labels_dump = open(labels_pkl_file, 'wb')
            pickle.dump(labels_stack, labels_dump)

        labels = open(labels_pkl_file, 'rb')
        labels = pickle.load(labels)

        self.audio_labels = labels

    def __len__(self):

        return len(self.audio_labels)

    def __getitem__(self, idx):

        audio_path = audio_path = self.DataDir + 'samples/sample_' + str(idx) + '.wav'
        audio, Fs = librosa.load(audio_path,sr=self.sampling_rate)
        sample = torch.from_numpy(audio).type(torch.FloatTensor)
        return sample, self.audio_labels[idx].type(torch.FloatTensor)

during init I break some long wav files into short wav files (only happens once) which I later load in the get_item() method. the rest is pretty trivial i think…

and my main training loop:

    for epoch in range(args.num_epochs):

        # train for one epoch
        batch_time = AverageMeter()
        data_time = AverageMeter()
        accuracy = 0

        states = (Variable(torch.zeros(args.lstm_layers, args.batch_size, args.lstm_hidden_size)).cuda(),
                  Variable(torch.zeros(args.lstm_layers, args.batch_size, args.lstm_hidden_size)).cuda())

        for i, data in enumerate(train_loader):

            states = utils.detach(states)

            audio, target = data  # input is of shape torch.Size([batch, channels, frames, width, height])

            audio_var = utils.to_var(audio.unsqueeze(1))
            target_var = utils.to_var(target.squeeze())

            output, states = net(audio_var, states)
            loss = criterion(output.squeeze(), target_var)

            # measure accuracy and record loss
            predicted = torch.ceil(,1)
            accuracy = (predicted.type(torch.LongTensor) == target.cuda().type(torch.LongTensor)).sum()

            prec1 = (100.0 * accuracy / args.batch_size)
            losses.update(loss.item(), args.batch_size)
            top1.update(prec1.item(), args.batch_size)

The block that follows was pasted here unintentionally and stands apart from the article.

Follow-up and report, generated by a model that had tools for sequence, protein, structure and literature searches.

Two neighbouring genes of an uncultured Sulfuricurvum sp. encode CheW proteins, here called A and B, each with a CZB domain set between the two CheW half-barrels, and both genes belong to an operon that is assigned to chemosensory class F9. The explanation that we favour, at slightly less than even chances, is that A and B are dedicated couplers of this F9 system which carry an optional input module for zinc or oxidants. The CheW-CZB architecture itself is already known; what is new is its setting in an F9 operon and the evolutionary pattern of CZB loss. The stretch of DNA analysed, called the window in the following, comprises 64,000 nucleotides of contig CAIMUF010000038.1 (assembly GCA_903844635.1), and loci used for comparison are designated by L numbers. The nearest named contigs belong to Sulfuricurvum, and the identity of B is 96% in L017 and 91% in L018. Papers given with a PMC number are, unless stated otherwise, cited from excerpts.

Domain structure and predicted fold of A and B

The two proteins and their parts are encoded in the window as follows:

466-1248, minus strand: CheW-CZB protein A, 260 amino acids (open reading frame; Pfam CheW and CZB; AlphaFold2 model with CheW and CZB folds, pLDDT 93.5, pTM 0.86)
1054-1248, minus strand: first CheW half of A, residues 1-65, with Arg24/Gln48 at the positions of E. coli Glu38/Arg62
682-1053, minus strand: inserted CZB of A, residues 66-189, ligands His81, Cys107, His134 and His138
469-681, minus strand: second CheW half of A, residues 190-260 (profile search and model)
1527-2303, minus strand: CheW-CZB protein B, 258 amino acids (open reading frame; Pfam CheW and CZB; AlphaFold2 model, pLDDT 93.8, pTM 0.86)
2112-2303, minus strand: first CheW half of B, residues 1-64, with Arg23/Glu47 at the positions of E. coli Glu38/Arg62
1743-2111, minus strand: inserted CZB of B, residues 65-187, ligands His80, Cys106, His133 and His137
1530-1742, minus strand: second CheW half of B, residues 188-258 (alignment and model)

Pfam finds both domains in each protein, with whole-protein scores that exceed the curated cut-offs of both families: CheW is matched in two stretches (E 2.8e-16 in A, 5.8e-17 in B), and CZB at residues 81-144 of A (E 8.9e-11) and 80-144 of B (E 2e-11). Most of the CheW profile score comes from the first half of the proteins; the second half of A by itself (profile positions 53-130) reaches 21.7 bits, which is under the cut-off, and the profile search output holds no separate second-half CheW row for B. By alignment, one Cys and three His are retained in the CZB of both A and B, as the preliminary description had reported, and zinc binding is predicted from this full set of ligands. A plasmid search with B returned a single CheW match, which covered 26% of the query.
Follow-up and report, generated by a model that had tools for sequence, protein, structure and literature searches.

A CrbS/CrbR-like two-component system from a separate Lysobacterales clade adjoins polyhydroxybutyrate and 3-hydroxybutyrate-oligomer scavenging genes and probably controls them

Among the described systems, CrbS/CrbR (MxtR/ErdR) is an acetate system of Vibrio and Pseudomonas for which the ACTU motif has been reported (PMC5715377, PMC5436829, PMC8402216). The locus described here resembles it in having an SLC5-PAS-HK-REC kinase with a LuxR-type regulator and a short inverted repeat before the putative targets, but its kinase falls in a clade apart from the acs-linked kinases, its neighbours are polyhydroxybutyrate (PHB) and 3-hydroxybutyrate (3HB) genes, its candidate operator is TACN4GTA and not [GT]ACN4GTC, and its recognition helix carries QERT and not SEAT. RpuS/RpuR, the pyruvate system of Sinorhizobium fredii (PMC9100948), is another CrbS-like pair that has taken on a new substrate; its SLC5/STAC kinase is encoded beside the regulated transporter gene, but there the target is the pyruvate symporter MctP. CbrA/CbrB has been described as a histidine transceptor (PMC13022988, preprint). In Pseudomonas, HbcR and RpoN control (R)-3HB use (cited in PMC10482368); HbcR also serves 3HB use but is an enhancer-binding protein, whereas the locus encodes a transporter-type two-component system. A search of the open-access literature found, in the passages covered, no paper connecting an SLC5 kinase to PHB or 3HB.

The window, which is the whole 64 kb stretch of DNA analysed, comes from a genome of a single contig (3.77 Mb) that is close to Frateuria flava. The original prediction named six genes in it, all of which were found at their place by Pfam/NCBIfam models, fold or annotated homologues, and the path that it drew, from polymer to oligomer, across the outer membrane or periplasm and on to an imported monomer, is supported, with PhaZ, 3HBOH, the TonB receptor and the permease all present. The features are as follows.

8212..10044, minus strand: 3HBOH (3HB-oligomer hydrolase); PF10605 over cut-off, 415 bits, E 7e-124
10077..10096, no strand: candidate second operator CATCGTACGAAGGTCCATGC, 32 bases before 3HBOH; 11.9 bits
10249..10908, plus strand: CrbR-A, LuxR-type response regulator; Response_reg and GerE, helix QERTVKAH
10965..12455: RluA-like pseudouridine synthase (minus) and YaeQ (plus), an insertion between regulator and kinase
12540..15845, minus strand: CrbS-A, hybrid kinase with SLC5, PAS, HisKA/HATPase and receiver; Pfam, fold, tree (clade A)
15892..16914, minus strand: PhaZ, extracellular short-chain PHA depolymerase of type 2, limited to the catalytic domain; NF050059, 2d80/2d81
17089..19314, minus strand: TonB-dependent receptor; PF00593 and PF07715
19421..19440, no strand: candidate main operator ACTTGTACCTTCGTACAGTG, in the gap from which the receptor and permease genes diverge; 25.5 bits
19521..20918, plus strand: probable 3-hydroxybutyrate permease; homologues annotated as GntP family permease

# compute gradient and do SGD step
            torchutils.clip_grad_norm_(net.parameters(), 0.5)

            # tensorboard logging
            logger.scalar_summary('loss', loss.item(), step + 1)
            logger.scalar_summary('train accuracy', prec1.item(), step + 1)

            if i % args.print_freq == 0:
                print('Epoch: [{0}][{1}/{2}] , \t'
                      'LR {3} , \t'
                      'Time {batch_time.avg:.3f} , \t'
                      'Data {data_time.avg:.3f} , \t'
                      'Loss {loss.avg:.4f} , \t'
                      'Acc {top1.avg:.3f}'.format(
                    epoch, i, len(train_loader), optimizer.param_groups[0]['lr'], batch_time=batch_time,
                    data_time=data_time, loss=losses, top1=top1))

Skimming through your code I couldn’t find any obvious errors.
You mentioned that the time peaks when changing from training to eval.
Is it constant without this change? Could you check that?

the “idle time” occurs in two scenarios:

  1. at the beginning of every iteration of the training loop posted above.
  2. at the beginning of a test operation (very similar to the training code above, just iterating on a test dataloader)

just to be clear - even if i don’t switch from train to eval at all and just run the training loop, i still wait at the beginning of every training epoch